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Scents of Australia

Blackstone Inks have released a set of inks called Scents of Australia. FPN member Jamerelbe has already done a set of reviews on them, as has member Lgsoltek, so I thought I would do a comparative review, between the six inks, and a couple of others for comparison.

The six inks are Australian Bush (khaki green), Blue Gum (dark teal blue), Blue Cypress (greeny blue), Red Kunzea (red), Wild Orange (orange) and Brown Boronia (brown).

The scents are floral, but apart from the Wild Orange (which has a citrus-y smell) I can’t vouch for the accuracy of the other scents. The Aus. Bush definitely has a scent of clean, mild Eucalyptus.

The scents are not intense. You can smell them when you open the lid of a bottle, and if you hold the nib up to your nose, but once the ink has been written and dried, you can’t smell anything.

What has taken some time has been working up a suitable method to do the comparisons. I have a set of 3 Jinhao X-750 pens, all adjusted to be similar in wetness, and with Asian Medium nibs, so I did three inks at a time. I wrote samples on 4 different papers — old stock Reflex (OSR) to demonstrate a poor quality paper, Fuji-Xerox Sustainable Earth (FXSE) and J. Burrows Premium (JBP) for medium quality office paper and Japanese Muji paper to show shading and sheen.

Because I had three similar pens, I did three inks at a time, starting with the Blue-Green inks, followed by the Red-Orange inks. Above the Blue-Green I did a comparative sample of Monteverde Horizon Blue (a well-behaved Medium-Wet ink) and below a sample of Pelikan 4001 Royal Blue (a Medium-Dry ink).

The Australian Bush sample came as a pre-release version called Gum Trees. The other five samples are retail versions.


The Scented Inks are, generally, wettish inks, but they are quite well behaved on modern papers. Most of them are wetter than the Monteverde Horizon Blue, but there is some spread between them.

The Australian Bush is the wettest of the six inks, and the Brown Boronia is definitely the driest. The other four — Blue Cypress, Blue Gum, Red Kunzea and Wild Orange are in between, and pretty much the same degree of wetness.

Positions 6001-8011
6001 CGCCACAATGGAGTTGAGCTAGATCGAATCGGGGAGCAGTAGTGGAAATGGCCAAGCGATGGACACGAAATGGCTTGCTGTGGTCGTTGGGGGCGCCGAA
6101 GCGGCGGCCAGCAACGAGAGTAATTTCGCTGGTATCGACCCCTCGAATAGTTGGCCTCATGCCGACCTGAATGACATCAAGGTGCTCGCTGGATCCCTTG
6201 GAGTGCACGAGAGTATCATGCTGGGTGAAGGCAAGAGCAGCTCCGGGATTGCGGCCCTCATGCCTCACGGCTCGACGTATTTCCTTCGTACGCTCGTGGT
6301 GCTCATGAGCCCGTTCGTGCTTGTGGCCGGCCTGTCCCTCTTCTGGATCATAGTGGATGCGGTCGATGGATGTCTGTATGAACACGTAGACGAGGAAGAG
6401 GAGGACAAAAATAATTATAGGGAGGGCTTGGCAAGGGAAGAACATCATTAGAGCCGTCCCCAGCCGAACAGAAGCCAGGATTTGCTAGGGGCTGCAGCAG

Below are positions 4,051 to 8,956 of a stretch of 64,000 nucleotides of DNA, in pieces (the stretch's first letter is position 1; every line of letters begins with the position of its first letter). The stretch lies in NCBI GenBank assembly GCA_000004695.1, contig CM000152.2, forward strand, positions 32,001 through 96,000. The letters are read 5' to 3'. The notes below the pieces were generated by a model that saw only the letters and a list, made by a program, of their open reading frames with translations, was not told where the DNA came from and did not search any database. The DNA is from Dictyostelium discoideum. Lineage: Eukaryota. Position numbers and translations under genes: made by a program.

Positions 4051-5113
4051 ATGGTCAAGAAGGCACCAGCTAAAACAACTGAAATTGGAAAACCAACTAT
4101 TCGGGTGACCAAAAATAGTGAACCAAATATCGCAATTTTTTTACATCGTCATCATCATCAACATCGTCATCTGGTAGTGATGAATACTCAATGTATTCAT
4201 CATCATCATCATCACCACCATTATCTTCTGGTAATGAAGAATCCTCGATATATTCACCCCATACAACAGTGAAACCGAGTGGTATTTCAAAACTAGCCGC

None of the scented inks showed any feathering on any of the papers, although the Monteverde H.B. showed a little on the old stock Reflex.

All of the inks showed some degree of bleeding on the OSR, with the Pelikan 4001 Royal Blue, the Brown Boronia and the Wild Orange showing the least. There was no bleeding on any of the other papers.

The only ink to show any spreading at all was the Australian Bush, the wettest of the inks.

The Blue-Green inks all showed noticeable shading on all the papers except the OSR. The Blue Gum showed the greatest degree of shading. As well, examination of the edges with a loupe show a degree of sheen.

There was little to no shading or sheen demonstrated by any of the Red-Orange inks.

The inks are all far too wet to be used in a dip pen – they need to be used in a fountain pen with a proper feed.

Five of the six inks appear to be quite saturated, the exception being the Brown Boronia. I can’t tell if it is the dyes used, or the concentration, but the Brown Boronia doesn’t appear to be much more intense than the Pelikan Blue.

The Scans

There are lots of images here, because I scanned on four types of paper, and showed the back of two of them.

First, the best paper, Muji Refill paper. I only did the front, because there was nothing to show on the back.

Muji Front




Next, the worst paper, old stock Reflex, showing the front, and bleeding on the back

OSR Front



OSR Back



Finally, the middle-of-the-range paper, J.Burrows Premium